Virginia community pioneers info sharing

Virginia Department of Transportation

An initiative begun as a way to improve highway safety in Virginia's northern Shenandoah Valley could become a model for interoperable communications for first responders in other rural regions.

The Virginia Department of Transportation, several private-sector health and nonprofit groups, and a number of jurisdictions in the valley are developing an integrated, Web-based communications platform for first responders.

Led by the Northern Shenandoah Valley Steering Committee, the initiative began three years ago as an effort to improve highway safety and responses to crashes and hazardous material spills along the state's Interstate 81 corridor.

But after Sept. 11, 2001, there was a "pretty significant sea change" in the project's scope, said Jack Potter, chairman of the steering committee and director of emergency medical services at Winchester Medical Center in Winchester, Va. "And so they became issues that are much broader for homeland security, but from our position these remain emergency incidents."

The steering committee began refining the Integrated Intelligent Transportation System-Public Safety System during the past year and has identified several central but generic features needed for any emergency response system, he said. "If we dreamed up the right basic network and the right strategy, we should be able to handle any of a number of different kinds of incidents," he said.

Such generic features, according to Potter, include:

n A central directory of resources and contact information for the region, which encompasses a couple of hundred miles and several million people.

n Intelligent message switching that immediately disseminates critical information to key parties via any desktop or mobile device.

n An emergency Web site that features a scalable geographic information system map that provides a "battlefield look" at an area.

"We refer to that affectionately as our plumbing," Potter said. "We're now adding the applications that provide the water — the actual applications that will move and handle the information so the end user can do his job better."

That's where several technology companies come into play, he said. With guidance from the ComCARE Alliance, a nonprofit group that promotes integrated emergency systems, the initiative selected Optimus Corp., which will deploy its Michaels Fire and EMS command and control system. The system provides firefighters, paramedics, other first responders and officials with a geospatial overview of the region's resources, said Eric Adolphe, chief executive officer of the Silver Spring, Md.-based company.

The system can display an area's closest assets and provide critical information, such as what to do or what to wear during a hazardous chemical spill, he said. It automatically collects and aggregates data for future analysis, acts as a disease surveillance system and provides specific information about certain patients whom paramedics frequently treat. A handheld, Web-based version can be installed in ambulances to perform data collection and display, he added.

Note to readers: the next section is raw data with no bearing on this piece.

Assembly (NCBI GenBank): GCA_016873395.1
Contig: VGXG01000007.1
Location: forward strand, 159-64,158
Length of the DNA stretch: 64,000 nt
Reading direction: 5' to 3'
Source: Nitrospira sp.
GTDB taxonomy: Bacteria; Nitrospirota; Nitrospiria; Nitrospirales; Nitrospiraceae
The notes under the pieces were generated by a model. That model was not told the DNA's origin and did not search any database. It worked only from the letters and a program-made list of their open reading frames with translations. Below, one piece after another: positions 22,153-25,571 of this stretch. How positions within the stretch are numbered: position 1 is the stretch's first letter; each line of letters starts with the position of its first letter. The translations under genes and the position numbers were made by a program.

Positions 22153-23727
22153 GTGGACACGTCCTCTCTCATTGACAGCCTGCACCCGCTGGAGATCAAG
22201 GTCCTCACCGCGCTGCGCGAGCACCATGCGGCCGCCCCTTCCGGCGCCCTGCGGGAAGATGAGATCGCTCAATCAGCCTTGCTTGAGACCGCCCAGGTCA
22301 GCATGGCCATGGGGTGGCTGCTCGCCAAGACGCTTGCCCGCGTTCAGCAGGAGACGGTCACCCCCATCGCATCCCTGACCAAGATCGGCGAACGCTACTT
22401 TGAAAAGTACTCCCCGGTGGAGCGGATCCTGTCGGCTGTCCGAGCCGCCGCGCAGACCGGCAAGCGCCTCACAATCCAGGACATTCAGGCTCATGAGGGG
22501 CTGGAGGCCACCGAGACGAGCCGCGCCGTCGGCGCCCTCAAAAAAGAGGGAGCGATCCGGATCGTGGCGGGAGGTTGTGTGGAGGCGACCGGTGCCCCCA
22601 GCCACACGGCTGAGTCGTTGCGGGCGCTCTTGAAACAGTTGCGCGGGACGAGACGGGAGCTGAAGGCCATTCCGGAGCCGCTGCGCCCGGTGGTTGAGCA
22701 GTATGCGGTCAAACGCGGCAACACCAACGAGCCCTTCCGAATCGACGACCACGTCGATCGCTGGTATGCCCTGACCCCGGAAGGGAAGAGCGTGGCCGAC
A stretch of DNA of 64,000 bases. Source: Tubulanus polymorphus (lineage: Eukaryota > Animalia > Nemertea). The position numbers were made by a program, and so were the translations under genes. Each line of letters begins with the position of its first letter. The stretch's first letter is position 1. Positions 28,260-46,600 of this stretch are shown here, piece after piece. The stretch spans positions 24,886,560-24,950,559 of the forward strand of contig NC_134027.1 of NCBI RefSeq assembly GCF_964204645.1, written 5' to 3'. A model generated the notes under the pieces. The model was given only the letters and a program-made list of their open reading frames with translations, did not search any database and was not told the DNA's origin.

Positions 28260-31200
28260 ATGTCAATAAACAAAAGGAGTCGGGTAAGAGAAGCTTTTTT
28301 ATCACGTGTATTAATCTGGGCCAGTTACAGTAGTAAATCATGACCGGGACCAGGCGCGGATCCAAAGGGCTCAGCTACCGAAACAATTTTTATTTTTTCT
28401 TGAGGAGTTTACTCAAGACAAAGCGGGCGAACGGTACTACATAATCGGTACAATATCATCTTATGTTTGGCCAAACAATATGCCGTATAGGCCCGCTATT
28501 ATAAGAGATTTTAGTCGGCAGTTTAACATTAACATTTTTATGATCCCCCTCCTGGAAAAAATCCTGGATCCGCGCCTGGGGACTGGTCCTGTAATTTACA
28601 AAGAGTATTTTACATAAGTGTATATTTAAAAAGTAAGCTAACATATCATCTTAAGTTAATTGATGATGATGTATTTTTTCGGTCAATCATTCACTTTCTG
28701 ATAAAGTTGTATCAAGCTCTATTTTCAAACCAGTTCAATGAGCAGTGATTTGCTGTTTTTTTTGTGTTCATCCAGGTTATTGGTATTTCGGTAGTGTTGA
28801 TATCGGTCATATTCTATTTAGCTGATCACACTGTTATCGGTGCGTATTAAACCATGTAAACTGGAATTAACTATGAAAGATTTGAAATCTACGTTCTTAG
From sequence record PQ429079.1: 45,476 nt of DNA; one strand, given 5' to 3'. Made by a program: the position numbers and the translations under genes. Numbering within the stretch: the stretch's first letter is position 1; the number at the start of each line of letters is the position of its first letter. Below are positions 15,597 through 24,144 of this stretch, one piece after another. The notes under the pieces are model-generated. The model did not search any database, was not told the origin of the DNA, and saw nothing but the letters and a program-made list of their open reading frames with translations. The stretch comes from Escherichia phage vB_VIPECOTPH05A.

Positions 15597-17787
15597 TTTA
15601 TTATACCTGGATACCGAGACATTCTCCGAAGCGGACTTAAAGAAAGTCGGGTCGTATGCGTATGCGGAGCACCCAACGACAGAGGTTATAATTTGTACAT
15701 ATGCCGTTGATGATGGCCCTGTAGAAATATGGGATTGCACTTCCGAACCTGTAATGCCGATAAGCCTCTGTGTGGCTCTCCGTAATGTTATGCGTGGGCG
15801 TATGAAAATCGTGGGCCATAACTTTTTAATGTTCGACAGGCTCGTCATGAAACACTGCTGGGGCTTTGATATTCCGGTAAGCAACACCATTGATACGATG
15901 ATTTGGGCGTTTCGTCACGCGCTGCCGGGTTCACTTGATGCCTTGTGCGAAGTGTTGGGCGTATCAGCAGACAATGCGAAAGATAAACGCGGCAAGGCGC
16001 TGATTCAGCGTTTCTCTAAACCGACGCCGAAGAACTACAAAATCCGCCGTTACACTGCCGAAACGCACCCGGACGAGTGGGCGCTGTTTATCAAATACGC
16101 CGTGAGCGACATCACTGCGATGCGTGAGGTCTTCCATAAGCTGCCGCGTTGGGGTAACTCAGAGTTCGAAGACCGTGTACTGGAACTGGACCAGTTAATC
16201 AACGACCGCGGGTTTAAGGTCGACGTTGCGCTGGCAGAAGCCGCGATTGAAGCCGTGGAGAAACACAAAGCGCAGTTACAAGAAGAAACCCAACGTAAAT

Such systems will reduce errors and help deliver data and information more quickly. Adolphe said deployment is scheduled for the end of the year, and training on the product is "as intuitive as an ATM" — meaning it takes hours, not days or weeks, to learn.

Potter said the Optimus system and other technologies would provide first responders with more information than what they would receive in verbal reports from dispatchers. In rural areas, such information is vital because distances to facilities are much greater.

The initiative has produced a prototype Web site linking 11 hospitals throughout the region with information on local providers.

By developing an open-standards, open-architecture, scalable system with affordable technologies and Internet connectivity, Potter said the committee hopes to put together a model that other rural regions can emulate. Funding, he said, is coming from several state and federal resources.


Northern Shenandoah Valley Integrated ITS-Public Safety System

Description: Enhanced public safety system in northwestern Virginia, in the mostly rural region along Interstate 81 that ranges from Winchester down through Charlottesville, encompassing a couple of hundred miles and several million people.

Participants: City of Winchester; counties of Clarke, Frederick, Page, Shenandoah and Warren; Virginia Department of Transportation and state police; ComCARE Alliance; several hospitals; and other law enforcement, fire, medical and emergency responders.

Open interoperable technologies: Enhanced 911 command system, Web-based emergency portal, geographic information systems, intelligent message switching, electronic central directory, distance-learning courses, emergency vehicles equipped with automatic vehicle-location devices, integrated traffic cameras and sensors, and handheld devices.


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